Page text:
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No accident or error here - 81%

MikeyC, July 16th, 2017

It’s been a long time! Okay, it’s only been three years since their last release Omnipresent, but I guess it’s been six years since their last good release! Reception for Omnipresent was mixed, and I was in the camp that really didn’t like it. Sure, the band retained their chops, but as a cohesive album, it failed. Fast forward three years, and Origin have returned with their seventh album Unparalleled Universe. While their propensity to name albums beginning with vowels hasn’t changed, they have returned more to what made them better in the first place.

The first notes of “Infinitesimal to the Infinite” show that you’re in for a much better experience than their last start. It explodes out of the blocks and hits you with sweeping guitar lines, blasting drum patterns, and vocals aplenty. Yes, this is Origin! This is why we listen to this band! Origin is one of those bands that you don’t particularly listen to for intricacy or riff structures. You listen because it’s fast and a whirlwind. To see Unparalleled Universe taking the listener back to that, at least right off the bat, is a positive sign from the mediocre Omnipresent.

Of course, just like any Origin album, because it’s such a blur of notes, it’s going to take more than one listen to really grasp what’s going on. Repeated listens will finally allow you to make sense of each song as they happen, and then pick out some attractive features within the album. For example, the bass guitar break in “Accident and Error,” or the slams in “A Burden of Prescience.”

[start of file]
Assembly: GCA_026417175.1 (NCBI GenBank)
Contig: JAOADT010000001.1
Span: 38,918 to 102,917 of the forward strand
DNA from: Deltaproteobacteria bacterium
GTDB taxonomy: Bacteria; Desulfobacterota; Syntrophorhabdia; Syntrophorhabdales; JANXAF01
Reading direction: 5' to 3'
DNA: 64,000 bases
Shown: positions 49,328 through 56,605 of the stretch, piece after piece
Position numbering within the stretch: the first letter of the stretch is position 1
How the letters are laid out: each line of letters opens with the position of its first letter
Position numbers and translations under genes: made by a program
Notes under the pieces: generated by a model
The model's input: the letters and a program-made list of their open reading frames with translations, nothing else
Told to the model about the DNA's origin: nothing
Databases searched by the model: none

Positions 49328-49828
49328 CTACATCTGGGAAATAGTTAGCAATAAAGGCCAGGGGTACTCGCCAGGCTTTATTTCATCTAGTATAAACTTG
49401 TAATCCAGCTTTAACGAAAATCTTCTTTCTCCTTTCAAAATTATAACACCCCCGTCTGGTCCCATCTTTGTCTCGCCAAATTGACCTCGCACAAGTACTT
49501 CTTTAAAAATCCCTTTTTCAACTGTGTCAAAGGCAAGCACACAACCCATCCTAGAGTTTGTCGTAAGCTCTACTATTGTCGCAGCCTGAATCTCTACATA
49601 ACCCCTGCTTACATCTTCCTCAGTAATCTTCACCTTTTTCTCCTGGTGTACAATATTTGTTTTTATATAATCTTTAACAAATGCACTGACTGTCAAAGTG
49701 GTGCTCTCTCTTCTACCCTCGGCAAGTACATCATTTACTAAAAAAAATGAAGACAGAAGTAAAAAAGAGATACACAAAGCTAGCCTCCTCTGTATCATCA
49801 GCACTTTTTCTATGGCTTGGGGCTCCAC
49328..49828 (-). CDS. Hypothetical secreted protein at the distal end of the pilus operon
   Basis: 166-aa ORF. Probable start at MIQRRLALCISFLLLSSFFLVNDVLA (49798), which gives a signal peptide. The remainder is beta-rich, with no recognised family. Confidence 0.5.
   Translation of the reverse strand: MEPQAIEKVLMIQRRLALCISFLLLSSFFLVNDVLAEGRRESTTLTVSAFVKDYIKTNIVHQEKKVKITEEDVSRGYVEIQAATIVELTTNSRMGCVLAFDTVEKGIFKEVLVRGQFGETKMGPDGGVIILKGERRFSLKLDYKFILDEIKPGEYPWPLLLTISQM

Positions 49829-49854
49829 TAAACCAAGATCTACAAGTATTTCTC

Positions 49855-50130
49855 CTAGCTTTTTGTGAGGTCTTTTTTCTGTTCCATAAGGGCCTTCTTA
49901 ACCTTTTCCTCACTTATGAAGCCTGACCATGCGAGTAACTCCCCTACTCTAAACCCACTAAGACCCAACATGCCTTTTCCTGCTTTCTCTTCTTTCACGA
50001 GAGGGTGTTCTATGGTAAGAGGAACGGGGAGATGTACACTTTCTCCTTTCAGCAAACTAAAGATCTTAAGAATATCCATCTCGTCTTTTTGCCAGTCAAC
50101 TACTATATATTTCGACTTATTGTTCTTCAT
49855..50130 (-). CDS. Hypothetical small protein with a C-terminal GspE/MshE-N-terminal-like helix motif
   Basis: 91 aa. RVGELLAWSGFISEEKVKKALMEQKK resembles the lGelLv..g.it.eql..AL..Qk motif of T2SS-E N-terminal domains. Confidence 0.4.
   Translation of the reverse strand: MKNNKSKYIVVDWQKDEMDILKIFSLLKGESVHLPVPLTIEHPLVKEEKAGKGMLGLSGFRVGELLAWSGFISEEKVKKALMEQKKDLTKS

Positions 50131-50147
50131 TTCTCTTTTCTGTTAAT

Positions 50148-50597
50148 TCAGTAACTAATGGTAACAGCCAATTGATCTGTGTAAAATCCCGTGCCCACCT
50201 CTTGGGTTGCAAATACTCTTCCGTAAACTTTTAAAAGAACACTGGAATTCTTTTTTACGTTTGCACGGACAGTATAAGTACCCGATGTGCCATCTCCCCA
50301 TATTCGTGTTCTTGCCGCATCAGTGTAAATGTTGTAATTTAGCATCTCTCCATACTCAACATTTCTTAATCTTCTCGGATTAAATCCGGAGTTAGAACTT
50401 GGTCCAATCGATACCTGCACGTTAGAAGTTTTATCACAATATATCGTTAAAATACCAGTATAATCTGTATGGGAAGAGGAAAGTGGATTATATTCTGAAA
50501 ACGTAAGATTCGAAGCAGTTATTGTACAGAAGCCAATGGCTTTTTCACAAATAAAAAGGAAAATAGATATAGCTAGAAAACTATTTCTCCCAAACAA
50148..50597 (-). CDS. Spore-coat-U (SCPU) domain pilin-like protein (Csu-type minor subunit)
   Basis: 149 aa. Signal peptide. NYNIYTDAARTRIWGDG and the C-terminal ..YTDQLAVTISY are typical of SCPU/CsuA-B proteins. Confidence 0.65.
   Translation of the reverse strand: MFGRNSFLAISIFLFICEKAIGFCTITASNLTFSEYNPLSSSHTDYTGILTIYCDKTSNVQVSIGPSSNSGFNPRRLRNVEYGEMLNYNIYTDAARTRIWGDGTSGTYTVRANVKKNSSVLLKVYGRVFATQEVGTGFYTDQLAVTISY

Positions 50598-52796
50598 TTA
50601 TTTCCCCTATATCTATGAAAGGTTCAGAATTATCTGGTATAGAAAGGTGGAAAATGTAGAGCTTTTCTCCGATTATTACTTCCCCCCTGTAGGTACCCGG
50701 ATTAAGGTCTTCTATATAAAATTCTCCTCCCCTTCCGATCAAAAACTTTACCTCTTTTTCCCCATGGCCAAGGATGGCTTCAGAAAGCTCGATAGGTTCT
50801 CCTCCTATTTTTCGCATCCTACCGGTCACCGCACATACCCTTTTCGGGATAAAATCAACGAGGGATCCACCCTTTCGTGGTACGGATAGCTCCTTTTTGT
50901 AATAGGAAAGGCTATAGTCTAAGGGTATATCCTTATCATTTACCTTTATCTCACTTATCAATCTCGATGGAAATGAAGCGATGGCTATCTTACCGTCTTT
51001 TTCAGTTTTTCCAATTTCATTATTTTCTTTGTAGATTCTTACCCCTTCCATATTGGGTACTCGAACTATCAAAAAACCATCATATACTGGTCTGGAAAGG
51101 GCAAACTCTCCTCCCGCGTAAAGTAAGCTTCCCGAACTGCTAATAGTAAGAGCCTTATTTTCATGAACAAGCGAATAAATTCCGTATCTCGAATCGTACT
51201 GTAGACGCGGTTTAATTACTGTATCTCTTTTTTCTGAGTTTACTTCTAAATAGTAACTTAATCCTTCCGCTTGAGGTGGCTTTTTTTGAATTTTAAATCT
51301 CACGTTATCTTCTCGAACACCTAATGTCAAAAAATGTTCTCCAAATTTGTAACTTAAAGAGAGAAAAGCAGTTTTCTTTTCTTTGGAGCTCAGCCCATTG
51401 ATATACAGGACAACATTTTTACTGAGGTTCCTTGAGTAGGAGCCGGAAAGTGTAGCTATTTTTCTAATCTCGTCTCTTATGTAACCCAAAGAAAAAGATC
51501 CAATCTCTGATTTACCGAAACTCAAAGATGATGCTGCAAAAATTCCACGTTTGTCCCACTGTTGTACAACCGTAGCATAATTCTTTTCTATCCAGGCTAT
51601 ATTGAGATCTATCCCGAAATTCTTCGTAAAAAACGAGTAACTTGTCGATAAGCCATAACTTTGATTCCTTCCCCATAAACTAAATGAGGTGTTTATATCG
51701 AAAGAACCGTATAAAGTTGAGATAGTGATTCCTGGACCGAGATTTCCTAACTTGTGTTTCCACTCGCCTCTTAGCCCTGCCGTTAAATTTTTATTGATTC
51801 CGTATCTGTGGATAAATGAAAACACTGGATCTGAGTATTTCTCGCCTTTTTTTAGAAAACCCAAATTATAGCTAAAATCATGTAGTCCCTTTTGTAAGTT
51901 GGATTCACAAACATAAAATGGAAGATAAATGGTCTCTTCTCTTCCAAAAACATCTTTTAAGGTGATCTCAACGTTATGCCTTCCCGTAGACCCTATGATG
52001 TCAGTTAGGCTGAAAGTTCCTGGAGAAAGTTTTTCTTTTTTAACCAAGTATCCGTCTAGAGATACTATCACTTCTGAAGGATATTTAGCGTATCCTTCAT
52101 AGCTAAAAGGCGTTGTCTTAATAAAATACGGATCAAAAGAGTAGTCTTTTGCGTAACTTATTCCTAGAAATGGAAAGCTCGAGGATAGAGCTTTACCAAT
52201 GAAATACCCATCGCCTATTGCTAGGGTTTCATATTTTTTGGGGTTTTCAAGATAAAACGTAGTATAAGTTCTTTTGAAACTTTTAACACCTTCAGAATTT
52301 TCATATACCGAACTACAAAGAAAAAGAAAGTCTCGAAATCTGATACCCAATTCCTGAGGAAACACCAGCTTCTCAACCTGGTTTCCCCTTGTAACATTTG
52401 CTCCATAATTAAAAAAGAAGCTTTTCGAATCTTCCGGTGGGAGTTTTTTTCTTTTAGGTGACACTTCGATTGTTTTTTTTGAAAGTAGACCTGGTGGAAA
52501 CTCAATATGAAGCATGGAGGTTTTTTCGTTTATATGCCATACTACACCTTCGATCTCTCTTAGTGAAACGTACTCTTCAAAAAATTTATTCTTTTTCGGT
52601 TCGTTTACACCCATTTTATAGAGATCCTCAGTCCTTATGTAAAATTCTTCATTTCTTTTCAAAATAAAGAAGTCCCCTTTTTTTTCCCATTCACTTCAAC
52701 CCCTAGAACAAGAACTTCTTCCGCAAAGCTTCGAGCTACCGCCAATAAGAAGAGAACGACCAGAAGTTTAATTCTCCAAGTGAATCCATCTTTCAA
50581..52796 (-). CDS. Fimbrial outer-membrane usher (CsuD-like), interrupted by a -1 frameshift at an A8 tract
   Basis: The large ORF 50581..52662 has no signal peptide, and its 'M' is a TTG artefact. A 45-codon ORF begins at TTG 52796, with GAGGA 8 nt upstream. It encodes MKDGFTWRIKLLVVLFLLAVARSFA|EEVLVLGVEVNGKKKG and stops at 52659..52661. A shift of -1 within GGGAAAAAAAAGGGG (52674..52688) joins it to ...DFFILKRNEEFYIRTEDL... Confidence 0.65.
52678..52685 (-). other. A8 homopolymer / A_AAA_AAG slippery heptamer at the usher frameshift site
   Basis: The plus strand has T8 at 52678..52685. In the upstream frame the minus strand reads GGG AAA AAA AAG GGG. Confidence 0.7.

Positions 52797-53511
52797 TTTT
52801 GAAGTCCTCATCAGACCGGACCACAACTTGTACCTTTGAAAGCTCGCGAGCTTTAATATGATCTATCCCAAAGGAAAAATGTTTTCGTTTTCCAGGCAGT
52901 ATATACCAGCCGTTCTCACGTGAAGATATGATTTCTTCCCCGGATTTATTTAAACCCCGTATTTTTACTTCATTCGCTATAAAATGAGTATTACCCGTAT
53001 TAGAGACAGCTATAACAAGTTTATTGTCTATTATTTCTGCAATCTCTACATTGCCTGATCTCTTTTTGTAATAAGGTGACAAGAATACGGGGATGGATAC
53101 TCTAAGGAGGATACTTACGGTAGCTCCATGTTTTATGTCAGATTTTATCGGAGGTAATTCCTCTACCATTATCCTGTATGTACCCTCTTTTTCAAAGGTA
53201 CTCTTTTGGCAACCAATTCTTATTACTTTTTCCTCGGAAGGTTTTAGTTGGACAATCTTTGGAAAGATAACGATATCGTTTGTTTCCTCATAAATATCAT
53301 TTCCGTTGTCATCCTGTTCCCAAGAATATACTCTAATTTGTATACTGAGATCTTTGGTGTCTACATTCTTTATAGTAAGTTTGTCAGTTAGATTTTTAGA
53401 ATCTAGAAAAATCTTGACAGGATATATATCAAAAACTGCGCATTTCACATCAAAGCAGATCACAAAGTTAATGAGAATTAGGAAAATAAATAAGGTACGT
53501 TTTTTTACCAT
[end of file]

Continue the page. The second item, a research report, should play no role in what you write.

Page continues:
Instrumentally, the band is defying the passage of time and continues to play at incredible speeds. Paul’s guitar riffs and Mike’s bass playing are both still amazing. John’s drumming is known the world over, and here he still continues to pummel the listener with plenty of great blast sections, and slower, groovier pieces, especially in “Invariance Under Transformation.” However, the band is maybe at the mercy of time, because they find time to slow it down. I find these are more to give the music more variety rather than giving their aching bones a rest. The end of “Cascading Failures, Diminishing Returns” contains a lovely light guitar fade-out, which contrasts quite nicely to the preceding riff. “Invariance Under Transformation” is the slowest song as a whole, preferring to focus more of a mid-to-fast pace riff pattern. The end of “Unequivocal” also contains a big instrumental section that’s much slower than their usual pace. Similar to the ending they produced on Antithesis, except at a more relaxed pace. I would’ve like to have heard this much faster, and lay down some brutal riffs, but it is what it is. I still enjoy it.

If there are two pieces of criticism for this album, they would be the vocals and production. Jason’s vocals, while good, don’t seem to exactly fit the mould the band are carving. The backing vocals sound much more like Origin (perhaps because they performed all the vocals on Entity before Jason came on the scene), and these main growls still sound a bit off in terms of what the band are trying to achieve. They are good enough and don’t particularly detract from the experience. The production is also good, but it sounds quite compressed. There’s not a lot of room to breathe, and the biggest loser is the bass guitar, which sounds like it gets buried underneath the fog of the production. It’s a shame because Mike’s playing is second-to-none, so hopefully the next album will feature more room for him to shine.

Unparalleled Universe offers up some more varied music while still being under the Origin umbrella, completes the vowel use of their album titles, and takes us back to the kind of great music we know they can play. Don’t discard this after one listen, because it’s going to take multiple listens to really grasp everything that’s happening. Even for myself, who has enjoyed Origin for many years, it took me at least three listens to start understanding its secrets. It’s not as good as Antithesis, and at this rate that would be a real stretch, but it’s at least their best since then, and that alone is worth picking this up.

(As an aside: That Brujeria cover is going to cause some debate, but fuck it, I enjoy that, too.)